University Counseling Service (UCS) Mental Health Newsletter - April 2016
View this email in your browser
School Can Be Stressful!
Between school, work, family, friends, and every day, and unusual life events, you are pulled in different directions. Moreover, all these responsibilities take away from the time you might need to care for yourself, so it's easy to see how easy it can be to feel stress.

Stress is a normal reaction to life-changing events. While we all can get fearful, stressed out or anxious at times, most of us bounce back. But stress that is so frequent, intense, and uncontrollable that it hinders daily routines may be a sign of an Anxiety.
Stress, Fear and Anxiety: What is the Difference?
Fear = A feeling of doom, unease, or apprehensiveness in response to imminent danger.  Fear is the body’s way of telling us “real danger is present, do something to save yourself!”
Stress = The body's response to adverse or emotionally demanding events.  Stress is the body’s way of motivating us to act when something needs our attention to get done.
Anxiety = A feeling of doom, great unease, or apprehensiveness when no danger is imminently present.  Anxiety is our brain’s mistaken way of warning us of a danger that is not actually there which generates a response out of proportion to what is happening.
Anxiety is fear when there is no actual danger present!  Getting anxious because you may not do well on a test activates a fear response that is not needed.  Stress is more reasonably the response to a difficult test.  Having anxiety makes things worse as  it is a level of feeling and response not necessary for the situation:  A test is challenging and critical, but not truly dangerous.  With no specific threat of actual danger, anxiety is a free-floating, vague feeling, which is why it can be difficult to pinpoint and about which to decide to do something.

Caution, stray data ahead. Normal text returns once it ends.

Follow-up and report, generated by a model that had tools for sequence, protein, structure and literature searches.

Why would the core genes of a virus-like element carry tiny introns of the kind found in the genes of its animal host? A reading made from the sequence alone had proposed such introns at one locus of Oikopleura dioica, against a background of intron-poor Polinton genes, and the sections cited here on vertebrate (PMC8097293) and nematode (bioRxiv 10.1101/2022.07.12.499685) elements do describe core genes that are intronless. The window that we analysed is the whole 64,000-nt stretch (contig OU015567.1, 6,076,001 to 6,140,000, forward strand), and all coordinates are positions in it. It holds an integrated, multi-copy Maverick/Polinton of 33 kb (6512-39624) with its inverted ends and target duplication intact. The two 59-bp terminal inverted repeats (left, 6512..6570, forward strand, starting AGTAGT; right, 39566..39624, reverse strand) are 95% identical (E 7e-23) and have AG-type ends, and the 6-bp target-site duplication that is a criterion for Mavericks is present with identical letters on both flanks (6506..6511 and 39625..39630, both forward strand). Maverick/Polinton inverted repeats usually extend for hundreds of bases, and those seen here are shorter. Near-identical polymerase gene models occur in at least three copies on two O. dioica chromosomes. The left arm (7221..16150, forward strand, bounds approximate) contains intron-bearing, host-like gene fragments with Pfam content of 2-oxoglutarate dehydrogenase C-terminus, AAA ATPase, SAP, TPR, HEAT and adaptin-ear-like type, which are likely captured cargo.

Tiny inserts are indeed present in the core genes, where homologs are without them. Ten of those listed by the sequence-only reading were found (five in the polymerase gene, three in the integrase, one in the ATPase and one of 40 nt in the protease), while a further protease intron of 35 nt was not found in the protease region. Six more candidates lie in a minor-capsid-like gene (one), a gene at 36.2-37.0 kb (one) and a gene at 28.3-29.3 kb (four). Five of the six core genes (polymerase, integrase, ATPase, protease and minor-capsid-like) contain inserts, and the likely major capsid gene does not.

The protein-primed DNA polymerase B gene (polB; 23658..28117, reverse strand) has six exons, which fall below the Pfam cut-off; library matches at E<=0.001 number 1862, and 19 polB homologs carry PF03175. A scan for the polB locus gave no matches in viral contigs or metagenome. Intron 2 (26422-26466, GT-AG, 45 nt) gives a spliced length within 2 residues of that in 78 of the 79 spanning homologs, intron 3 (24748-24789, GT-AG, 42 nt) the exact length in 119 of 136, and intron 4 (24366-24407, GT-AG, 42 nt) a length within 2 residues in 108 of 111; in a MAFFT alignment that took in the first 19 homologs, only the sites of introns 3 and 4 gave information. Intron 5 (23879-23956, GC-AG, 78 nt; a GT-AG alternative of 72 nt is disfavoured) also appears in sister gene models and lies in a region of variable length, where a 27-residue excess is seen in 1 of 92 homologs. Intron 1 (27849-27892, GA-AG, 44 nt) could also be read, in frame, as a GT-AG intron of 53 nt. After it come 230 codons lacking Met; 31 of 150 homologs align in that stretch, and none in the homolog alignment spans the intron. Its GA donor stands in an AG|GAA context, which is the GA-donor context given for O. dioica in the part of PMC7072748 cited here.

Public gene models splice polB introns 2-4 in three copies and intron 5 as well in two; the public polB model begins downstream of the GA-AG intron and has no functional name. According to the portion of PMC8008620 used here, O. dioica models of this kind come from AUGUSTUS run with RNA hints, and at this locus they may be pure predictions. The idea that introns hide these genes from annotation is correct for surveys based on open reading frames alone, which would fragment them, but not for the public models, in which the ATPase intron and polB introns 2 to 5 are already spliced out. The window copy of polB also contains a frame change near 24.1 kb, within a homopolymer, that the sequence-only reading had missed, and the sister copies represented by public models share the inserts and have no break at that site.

An example may be the best way to illustrate the differences between stress, fear and anxiety.
The Science of Anxiety (A Short Video)
The Science of Anxiety
Regular Feelings of Anxiety vs a True Anxiety Disorder
Occasional Anxiety is a Normal Part of Life

In general, anxiety can be a normal reaction to stress.

Anxiety. Can initially motivate you to accomplish your assignments, to study harder for a test and it can warn you when you’re in a dangerous situation. It informs you to be extra vigilant about your environment — to fight or flee. And then. . . . .An anxiety disorder, however, involves intense and excessive anxiety, along with other debilitating symptoms.

Stressor. Anxiety can occur in response to a stressor, such as an exam, an upcoming interview, a fight with a friend or a new job. When you struggle with an anxiety disorder you’re anxious almost or all of the time.

Intensity and Length. Many people are on edge before an exam, but a person with an anxiety disorder might be anxious several weeks beforehand, and will experience intense symptoms right before and during the exam. Also, normal anxiety is fleeting, while an anxiety disorder is ongoing and the feelings can last weeks or months.

Examples of Anxiety Disorders
  • Generalized Anxiety Disorder (GAD): Excessive, uncontrollable worry about everyday issues, including school, work, money, friends, and health.
  • Social Anxiety Disorder: Avoidance of everyday social situations due to extreme anxiety about being judged by others or about behaving in a way that might cause embarrassment or ridicule.
  • Panic Disorder: Severe attacks of terror, which may feel like you're having a heart attack or going crazy, for no apparent reason.
  • Specific Phobias: Intense fear reaction that leads to avoiding an object, place, or situation such as riding in elevators or driving on bridges. Those with specific phobias typically recognize that the fear is irrational and inappropriate for the circumstance.
  • Obsessive-Compulsive Disorder (OCD): Persistent, recurring thoughts (obsessions) that reflect exaggerated anxiety or fears and manifest as repetitive behaviors or rituals (compulsions); for example, the uncontrollable need to scrub hands repeatedly or the insistence on absolute neatness and order.
  • Posttraumatic Stress Disorder (PTSD): Avoidance, detachment, difficulty sleeping and concentrating, and reliving a traumatic event or experience several months or years after it has occurred.
Enjoy more comics by Brian Gordon at
or on Facebook
Andrea Short Shares Some Insights with Us on
"Managing Anxiety"

Andrea is Health & Physical Activities Skills Coordinator in the Dept of Health & Human Physiology
Life is stressful, we all know that!  At the back of everyone’s mind are the ways in which we can “cure” stress and anxiety.  Although there is no antidote, and everyone will experience stress every day of their lives, the ways in which we may manage our symptoms of stress can prevent it from escalating into anxiety.  Before we can list the HOWs in the steps to symptom management, we should first take a look at what anxiety is:
WHAT is anxiety?